THE FOUNDATION OF INSANITY UNCOVERED
We fail to acknowledge the interesting facets of our society. When you see an opportunity, as we discussed previously, we have to take it with every ounce of our existence. You have to say: “yes” to open the doorway to new learning and new behaviors. Though I honestly do not condone walking up to every homeless man you meet, my main point here is simple: you may think they are different than you, but they are surely not. Human behavior, in whatever form it may come (insane, sane, novel, sanctimonious….), is fascinating! Have you ever looked up how the homo erectus emerged? The tale of how human beings developed is wonderful, and I urge you to look deep into your soul and to energize yourself enough to take a look at how remarkably similar we all are. We all talk to ourselves, just like this man; we all have moments where we enjoy life, and other times where we do not; and we are all on this earth. Next time you see a homeless man, think!
WE ALL NEED TO LOOK OUT FOR EACH OTHER
I do it all the time. As human beings, we have a duty to help those who are around us. As a Life, Career and Business Coach, I have found that helping others (even those who may not want or need the help) is essential to our survival. When we were cavemen, we knew we had to hunt in packs or we would surely die of starvation. Human interaction, therefore, is the intravenous nature for us to socially adapt ourselves to a changing society. Every day, things change. We see Cuban embargos; we see pandemics spreading across borders…but we fail to see the true meaning of all of these experiences. They are not losses; they are merely opportunities to live life to the fullest, and when I sat down and spoke with this man, I gained a deeper appreciation for those belittled by society. Be careful who you talk to, as not everyone has this mentality. I tried helping a woman pack her groceries into her trunk and she stared at me like I was crazy. In fact, she reacted to fear.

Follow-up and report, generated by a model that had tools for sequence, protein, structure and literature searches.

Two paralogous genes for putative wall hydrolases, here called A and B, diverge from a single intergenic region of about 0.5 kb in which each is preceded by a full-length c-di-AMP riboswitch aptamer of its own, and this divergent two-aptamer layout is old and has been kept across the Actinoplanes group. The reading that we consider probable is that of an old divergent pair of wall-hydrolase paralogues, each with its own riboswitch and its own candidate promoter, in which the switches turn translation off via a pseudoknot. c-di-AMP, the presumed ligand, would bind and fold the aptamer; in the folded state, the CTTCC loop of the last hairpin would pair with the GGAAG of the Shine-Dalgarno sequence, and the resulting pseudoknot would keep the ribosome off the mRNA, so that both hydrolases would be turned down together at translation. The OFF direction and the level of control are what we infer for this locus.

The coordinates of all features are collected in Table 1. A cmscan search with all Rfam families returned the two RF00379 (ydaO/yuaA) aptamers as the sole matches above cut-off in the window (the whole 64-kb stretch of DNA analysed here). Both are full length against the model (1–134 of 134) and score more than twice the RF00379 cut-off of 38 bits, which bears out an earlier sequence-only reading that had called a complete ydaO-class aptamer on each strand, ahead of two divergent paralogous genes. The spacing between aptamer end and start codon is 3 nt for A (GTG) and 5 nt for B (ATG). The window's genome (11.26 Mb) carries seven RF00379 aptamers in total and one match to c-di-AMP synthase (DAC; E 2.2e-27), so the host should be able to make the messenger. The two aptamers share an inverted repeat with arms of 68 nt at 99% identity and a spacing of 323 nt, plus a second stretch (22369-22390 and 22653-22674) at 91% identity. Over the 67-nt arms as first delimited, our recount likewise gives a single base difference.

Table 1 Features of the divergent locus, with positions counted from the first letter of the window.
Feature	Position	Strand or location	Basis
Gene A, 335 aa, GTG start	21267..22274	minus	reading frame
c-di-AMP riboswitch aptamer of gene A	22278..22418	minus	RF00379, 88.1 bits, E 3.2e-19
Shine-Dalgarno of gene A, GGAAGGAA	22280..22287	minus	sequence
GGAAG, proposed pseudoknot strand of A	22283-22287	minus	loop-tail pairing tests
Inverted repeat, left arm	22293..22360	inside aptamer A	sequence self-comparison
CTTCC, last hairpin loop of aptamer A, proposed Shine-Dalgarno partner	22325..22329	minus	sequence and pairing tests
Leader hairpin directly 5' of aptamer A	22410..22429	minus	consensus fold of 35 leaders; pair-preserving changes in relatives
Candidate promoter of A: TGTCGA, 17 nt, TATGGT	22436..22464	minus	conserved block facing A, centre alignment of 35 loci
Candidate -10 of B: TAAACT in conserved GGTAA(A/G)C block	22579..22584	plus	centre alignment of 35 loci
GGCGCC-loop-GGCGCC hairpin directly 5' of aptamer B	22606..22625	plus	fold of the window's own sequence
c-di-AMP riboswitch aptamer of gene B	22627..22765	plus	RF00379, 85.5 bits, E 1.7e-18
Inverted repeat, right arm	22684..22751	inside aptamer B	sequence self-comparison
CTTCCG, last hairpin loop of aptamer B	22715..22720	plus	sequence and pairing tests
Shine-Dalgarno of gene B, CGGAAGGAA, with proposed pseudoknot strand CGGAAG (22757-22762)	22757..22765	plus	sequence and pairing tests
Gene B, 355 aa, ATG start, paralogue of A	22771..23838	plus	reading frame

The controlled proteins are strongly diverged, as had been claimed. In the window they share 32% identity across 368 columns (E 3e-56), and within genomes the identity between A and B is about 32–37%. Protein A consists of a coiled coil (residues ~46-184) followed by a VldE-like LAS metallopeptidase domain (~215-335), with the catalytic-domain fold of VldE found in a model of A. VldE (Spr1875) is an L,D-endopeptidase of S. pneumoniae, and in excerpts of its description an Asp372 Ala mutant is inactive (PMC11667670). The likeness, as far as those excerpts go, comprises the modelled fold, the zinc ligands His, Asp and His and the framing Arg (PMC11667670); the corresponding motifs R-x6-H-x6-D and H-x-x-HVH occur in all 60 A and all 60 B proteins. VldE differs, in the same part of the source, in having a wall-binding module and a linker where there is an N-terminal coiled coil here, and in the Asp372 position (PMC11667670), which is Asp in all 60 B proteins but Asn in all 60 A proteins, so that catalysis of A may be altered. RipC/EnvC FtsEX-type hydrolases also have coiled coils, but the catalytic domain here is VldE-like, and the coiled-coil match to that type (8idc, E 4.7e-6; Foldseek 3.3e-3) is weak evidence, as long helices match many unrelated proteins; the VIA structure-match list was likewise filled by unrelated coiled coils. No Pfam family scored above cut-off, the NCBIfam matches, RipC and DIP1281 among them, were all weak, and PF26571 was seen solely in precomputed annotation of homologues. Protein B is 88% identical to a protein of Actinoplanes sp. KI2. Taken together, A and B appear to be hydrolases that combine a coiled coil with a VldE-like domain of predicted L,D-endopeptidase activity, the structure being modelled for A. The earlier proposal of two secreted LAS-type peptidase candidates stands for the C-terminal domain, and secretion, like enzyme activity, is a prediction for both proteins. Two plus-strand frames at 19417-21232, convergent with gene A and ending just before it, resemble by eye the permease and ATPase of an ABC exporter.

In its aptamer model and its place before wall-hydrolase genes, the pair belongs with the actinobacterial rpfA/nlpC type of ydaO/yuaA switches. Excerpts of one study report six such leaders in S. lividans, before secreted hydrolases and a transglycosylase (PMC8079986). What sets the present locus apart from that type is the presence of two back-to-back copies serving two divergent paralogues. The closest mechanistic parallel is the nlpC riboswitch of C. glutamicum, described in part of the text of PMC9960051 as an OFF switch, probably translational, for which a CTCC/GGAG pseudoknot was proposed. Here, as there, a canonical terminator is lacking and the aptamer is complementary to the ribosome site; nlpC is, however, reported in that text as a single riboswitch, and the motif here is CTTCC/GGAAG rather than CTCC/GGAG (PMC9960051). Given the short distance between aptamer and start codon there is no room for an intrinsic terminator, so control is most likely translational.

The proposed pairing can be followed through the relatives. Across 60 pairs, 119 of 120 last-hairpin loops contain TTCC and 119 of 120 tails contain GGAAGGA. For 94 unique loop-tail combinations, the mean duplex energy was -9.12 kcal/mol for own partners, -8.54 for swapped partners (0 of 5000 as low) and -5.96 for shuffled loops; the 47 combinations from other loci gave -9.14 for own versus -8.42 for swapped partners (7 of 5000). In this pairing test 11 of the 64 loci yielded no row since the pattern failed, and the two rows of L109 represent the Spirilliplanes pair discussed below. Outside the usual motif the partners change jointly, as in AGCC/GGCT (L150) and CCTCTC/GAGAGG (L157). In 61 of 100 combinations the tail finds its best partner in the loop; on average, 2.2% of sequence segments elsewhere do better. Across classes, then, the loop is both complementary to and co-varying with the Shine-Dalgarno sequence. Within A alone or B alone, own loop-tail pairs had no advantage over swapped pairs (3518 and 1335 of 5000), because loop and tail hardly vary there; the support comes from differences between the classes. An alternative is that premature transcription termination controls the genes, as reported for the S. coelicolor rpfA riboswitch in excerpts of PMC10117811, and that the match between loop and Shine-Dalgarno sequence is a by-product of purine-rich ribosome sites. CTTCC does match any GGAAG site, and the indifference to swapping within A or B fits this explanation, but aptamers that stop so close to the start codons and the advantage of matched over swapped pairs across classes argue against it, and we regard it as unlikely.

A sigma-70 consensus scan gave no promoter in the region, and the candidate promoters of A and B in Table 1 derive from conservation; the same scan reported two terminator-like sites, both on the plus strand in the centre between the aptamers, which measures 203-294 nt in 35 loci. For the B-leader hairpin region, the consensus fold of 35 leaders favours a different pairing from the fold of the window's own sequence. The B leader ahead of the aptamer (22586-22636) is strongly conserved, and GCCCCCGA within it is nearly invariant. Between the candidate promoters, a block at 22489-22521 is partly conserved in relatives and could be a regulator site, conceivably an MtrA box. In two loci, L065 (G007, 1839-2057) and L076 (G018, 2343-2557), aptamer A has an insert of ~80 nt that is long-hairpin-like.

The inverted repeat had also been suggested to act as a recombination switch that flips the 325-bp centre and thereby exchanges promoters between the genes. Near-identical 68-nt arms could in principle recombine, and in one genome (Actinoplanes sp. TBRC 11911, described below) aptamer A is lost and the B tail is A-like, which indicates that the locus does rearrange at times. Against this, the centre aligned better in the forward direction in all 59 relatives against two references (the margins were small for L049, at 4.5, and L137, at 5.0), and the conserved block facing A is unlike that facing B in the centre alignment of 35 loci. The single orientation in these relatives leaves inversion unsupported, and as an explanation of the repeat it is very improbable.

TO CONCLUDE THE CONCLUSION
Essentially, take care of each other; take care of yourselves. We can help you if you feel you need it, but I honestly do not feel everyone agrees with it. Yes, we all need social interaction; it is a fact. We all need to communicate; we all need to learn. These opportunities emerge once in a lifetime, and when I sat down and learned that this man thought he was in a room of 40,000 people listening to his sermon, I had a revelation! That revelation was simple: help one, save a thousand. You never know how far the impacts of your actions and the ripples of your behaviors go or reach. In fact, we have to try our very best to adapt as a society. In conclusion? Well, it is a simple one after all: trust in nature, trust in human emotion, and realize that sometimes the best opportunities we choose to learn from come in the form and shape of a man with long, yellow nails and a sermon to preach.